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Friday, Dec. 28, 2012

Time for Japan to let go of the status quo, U.S. leadership expert counsels


Staff writer

Japan isn't going to end decades of economic malaise, nor will its corporations meet the challenge of overseas rivals, unless bold changes are made, warns an expert on leadership from Harvard University who was in Japan recently to give a series of lectures.

News photo
Teaching leadership: Dean Williams, public policy director at Harvard University's John F. Kennedy School of Government, is interviewed Dec. 13 in Tokyo. YOSHIAKI MIURA

"You must have people with vision and bigger sense of purpose than the interest of your own political parties," said Dean Williams, lecturer on leadership and public policy director at Harvard University's John F. Kennedy School of Government, speaking about Japanese politics. "You've got to support those who are really willing to make changes."

The scholar was in Japan earlier this month to give lessons on leadership to students, businesspeople and public servants, shortly before the Liberal Democratic Party swept back to power.

In an interview with The Japan Times, Williams said politicians need to learn how to disappoint people, rather than trying to constantly please them.

"Real leadership means challenging your groups and letting them know you can't have what you want all the time," he said.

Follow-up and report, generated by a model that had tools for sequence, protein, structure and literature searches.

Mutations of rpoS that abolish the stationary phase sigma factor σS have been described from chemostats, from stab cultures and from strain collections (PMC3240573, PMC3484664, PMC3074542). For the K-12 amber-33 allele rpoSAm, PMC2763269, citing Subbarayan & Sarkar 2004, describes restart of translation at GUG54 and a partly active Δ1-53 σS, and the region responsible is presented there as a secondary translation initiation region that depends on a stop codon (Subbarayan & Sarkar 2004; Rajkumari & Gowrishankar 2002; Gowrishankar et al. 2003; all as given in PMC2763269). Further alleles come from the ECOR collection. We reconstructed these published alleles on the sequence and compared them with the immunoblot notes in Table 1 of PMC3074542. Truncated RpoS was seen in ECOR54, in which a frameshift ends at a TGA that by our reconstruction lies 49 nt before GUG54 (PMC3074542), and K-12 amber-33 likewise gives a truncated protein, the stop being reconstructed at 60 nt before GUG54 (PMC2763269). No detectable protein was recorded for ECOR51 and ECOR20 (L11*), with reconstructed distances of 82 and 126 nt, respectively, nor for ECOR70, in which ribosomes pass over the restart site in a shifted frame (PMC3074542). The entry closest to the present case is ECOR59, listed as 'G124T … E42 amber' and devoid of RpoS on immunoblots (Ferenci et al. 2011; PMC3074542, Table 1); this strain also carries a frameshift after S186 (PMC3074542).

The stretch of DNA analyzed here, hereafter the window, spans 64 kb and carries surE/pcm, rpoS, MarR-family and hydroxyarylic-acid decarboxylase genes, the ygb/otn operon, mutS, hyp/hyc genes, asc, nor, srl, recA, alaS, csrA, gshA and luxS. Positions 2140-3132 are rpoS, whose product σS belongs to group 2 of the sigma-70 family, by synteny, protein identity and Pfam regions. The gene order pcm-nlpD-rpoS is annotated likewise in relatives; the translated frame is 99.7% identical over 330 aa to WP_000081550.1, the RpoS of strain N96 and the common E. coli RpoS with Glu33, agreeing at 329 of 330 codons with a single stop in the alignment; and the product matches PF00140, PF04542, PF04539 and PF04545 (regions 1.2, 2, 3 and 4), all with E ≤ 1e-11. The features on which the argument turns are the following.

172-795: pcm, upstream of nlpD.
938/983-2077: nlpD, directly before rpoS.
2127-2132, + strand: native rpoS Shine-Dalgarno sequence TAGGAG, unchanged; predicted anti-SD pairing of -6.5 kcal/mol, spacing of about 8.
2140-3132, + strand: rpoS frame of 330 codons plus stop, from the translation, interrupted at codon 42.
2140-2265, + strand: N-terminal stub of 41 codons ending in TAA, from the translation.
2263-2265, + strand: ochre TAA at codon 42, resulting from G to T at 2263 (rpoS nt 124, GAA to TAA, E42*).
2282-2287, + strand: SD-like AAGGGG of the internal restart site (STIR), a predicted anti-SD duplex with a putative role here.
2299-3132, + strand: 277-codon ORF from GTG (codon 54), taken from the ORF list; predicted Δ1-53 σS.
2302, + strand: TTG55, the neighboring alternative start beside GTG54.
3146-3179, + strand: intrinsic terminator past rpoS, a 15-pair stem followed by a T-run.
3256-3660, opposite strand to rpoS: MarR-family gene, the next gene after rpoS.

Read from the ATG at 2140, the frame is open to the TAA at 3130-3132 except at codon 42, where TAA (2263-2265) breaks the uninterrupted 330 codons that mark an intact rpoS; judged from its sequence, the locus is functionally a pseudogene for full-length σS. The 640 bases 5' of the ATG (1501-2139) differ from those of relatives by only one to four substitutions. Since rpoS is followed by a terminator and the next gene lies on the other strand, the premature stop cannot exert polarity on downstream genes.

In his eyes, Japan is suffering from an unwillingness to let go of a strategy that produced the postwar economic "miracle" but is no longer relevant.

"You do something so well that produces a certain level of success, and people take for granted that success, and they believe that their strategies for generating success are correct, but the environment around is changing and shifting," he said.

Williams first came to Japan in 1976. After later spending time here in the 1980s, he wrote a dissertation on Matsushita Institute of Government and Management, better known as Matsushita Seikeijuku, which was established in 1979 to nurture Japan's future leaders.

He has worked on major change initiatives throughout the world, serving as the chief adviser to the president of Madagascar and as a consultant with the Singapore government's National Productivity Board. He was also an adviser to Kay Rala Xanana Gusmao, a former guerrilla leader who became the first president of East Timor.

But his leadership philosophy, which de-emphasizes focusing on attracting followers and instead mobilizes others to address real problems, was deeply influenced by his time in Japan, said Williams, whose 2005 book "Real Leadership: Helping People and Organizations Face Their Toughest Challenges" was translated into Japanese in 2011.

While in Japan, Williams met Konosuke Matsushita, the founder of Panasonic Corp. and Matsushita Seikeijuku. Later, he also interviewed Akio Morita, the late cofounder of Sony Corp.

Williams said everyone at the school had to develop their own leadership project. Each was required to go out and orchestrate some kind of change, such as working for a city mayor or starting an environmental project.